September 29, 2022
Area(s) of Interest: Advocacy Ophthalmology Scope of Practice
Governor Newsom yesterday vetoed a dangerous bill (AB 2236) that would have allowed optometrists to perform eye surgeries that require use of a scalpel or an injection and "anterior segment lasers” if they met minimal specified education and training conditions that are far inferior to the requirements that ophthalmologists must meet.
The California Medical Association’s (CMA) grassroots network of physicians mobilized to make sure that Gov. Newsom understood that this bill would leave patients vulnerable to serious risk of life-long consequences that could be devastating to their vision and their lives. If this bill had become law, patients—particularly those in under-served communities—might see an optometrist for one of these surgical procedures without knowing that an optometrist is not a physician or without realizing the great discrepancy in the level of training optometrists have compared to ophthalmologists.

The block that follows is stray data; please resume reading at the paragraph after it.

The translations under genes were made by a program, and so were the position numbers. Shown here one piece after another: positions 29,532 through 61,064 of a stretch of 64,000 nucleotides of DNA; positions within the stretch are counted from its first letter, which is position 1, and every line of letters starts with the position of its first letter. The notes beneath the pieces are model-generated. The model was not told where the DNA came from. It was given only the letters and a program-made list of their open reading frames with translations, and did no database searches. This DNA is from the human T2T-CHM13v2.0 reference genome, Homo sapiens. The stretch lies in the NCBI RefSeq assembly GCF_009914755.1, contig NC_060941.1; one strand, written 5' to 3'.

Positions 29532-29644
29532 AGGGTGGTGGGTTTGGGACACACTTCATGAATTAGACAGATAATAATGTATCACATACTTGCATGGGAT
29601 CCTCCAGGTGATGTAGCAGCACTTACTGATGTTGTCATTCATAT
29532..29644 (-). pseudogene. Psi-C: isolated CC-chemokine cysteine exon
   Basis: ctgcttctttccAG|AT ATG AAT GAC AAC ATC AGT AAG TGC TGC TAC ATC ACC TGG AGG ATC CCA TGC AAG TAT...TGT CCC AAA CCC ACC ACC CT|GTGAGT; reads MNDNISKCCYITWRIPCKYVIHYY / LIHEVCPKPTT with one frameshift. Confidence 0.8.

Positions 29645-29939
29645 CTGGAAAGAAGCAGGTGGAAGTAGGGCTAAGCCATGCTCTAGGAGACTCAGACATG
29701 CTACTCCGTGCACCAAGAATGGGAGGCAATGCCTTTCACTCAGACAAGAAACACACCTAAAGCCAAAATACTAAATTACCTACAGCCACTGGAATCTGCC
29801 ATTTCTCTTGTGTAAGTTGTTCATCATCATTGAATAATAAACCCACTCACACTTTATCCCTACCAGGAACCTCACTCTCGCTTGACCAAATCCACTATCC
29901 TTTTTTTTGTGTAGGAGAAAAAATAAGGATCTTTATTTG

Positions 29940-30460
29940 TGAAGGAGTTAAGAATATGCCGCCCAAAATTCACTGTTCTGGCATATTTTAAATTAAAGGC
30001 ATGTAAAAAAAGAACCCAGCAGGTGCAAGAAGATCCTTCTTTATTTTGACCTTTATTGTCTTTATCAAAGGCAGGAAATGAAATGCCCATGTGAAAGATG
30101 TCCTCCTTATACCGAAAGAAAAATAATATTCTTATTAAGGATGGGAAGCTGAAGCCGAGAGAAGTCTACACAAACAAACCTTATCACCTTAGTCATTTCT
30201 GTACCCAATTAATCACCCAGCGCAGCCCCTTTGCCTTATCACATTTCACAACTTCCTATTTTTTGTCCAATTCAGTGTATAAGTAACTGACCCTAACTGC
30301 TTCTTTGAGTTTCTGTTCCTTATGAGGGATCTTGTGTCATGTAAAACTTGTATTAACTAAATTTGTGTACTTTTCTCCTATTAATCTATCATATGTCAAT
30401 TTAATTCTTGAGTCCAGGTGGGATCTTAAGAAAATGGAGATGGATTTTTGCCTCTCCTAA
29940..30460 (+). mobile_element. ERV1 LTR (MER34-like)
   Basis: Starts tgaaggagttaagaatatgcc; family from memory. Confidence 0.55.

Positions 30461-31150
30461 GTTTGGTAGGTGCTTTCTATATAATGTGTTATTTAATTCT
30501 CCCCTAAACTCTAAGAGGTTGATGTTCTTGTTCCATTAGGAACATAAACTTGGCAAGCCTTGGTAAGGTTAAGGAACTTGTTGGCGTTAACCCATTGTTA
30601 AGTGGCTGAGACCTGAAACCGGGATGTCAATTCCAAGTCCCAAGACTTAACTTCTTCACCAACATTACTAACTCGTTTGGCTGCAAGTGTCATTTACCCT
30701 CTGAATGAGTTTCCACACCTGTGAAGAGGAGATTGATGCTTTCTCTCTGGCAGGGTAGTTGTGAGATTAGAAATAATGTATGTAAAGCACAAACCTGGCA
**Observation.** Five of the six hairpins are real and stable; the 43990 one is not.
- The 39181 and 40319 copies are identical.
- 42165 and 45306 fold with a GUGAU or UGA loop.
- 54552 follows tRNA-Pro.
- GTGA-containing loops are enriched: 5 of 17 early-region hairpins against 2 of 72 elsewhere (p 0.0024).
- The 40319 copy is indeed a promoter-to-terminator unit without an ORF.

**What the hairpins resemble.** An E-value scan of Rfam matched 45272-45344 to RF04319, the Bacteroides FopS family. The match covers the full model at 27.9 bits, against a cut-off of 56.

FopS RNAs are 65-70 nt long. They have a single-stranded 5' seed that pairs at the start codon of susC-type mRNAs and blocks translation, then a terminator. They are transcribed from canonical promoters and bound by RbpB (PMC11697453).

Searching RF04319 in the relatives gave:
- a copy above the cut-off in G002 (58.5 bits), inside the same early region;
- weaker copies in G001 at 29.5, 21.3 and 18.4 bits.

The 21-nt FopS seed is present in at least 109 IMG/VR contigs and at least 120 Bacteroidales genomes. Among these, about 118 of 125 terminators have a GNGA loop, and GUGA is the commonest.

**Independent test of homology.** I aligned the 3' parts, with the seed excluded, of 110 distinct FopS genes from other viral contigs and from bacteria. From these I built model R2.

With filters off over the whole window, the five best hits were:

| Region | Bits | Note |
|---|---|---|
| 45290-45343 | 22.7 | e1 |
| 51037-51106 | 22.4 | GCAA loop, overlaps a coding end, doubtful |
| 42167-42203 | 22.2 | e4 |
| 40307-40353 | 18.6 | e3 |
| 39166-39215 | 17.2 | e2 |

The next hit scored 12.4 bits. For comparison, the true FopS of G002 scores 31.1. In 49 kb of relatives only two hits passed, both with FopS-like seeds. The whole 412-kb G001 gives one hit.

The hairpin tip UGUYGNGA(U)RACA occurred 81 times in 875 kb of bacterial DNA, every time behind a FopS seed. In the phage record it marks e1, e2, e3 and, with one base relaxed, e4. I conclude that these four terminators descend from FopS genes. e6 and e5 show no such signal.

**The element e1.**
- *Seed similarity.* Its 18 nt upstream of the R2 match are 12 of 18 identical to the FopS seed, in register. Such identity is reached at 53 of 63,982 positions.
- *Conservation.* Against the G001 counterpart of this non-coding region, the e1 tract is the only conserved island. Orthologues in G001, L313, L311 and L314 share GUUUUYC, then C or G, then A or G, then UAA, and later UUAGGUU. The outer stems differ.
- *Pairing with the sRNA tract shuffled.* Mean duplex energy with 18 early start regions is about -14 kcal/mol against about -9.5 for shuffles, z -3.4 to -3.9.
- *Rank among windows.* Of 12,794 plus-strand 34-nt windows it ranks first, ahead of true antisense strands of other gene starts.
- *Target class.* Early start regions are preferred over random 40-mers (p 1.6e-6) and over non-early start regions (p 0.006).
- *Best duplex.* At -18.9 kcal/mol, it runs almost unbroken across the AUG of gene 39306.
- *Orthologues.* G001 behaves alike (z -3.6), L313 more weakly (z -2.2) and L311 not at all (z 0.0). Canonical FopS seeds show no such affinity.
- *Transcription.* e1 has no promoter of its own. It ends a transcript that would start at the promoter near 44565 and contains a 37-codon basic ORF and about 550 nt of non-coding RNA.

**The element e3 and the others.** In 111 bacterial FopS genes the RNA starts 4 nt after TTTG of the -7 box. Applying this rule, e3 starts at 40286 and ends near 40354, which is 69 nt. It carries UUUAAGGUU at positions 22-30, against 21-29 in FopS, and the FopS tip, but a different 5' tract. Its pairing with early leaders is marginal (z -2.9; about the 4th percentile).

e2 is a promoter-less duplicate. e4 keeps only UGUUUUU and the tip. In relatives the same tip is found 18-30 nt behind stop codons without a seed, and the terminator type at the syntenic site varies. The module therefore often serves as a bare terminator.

"CMA is grateful that Gov. Newsom has recognized that the inadequate training stipulated by AB 2236 would expose patients to serious health risks, loss of vision or even life-threatening consequences,” says CMA President Robert E. Wailes, M.D. “We thank those physicians who spoke up to let legislators and the Governor know that all Californians deserve to have well-trained physicians to provide high-quality care, and they expect the State of California to ensure strict safety standards to protect patients."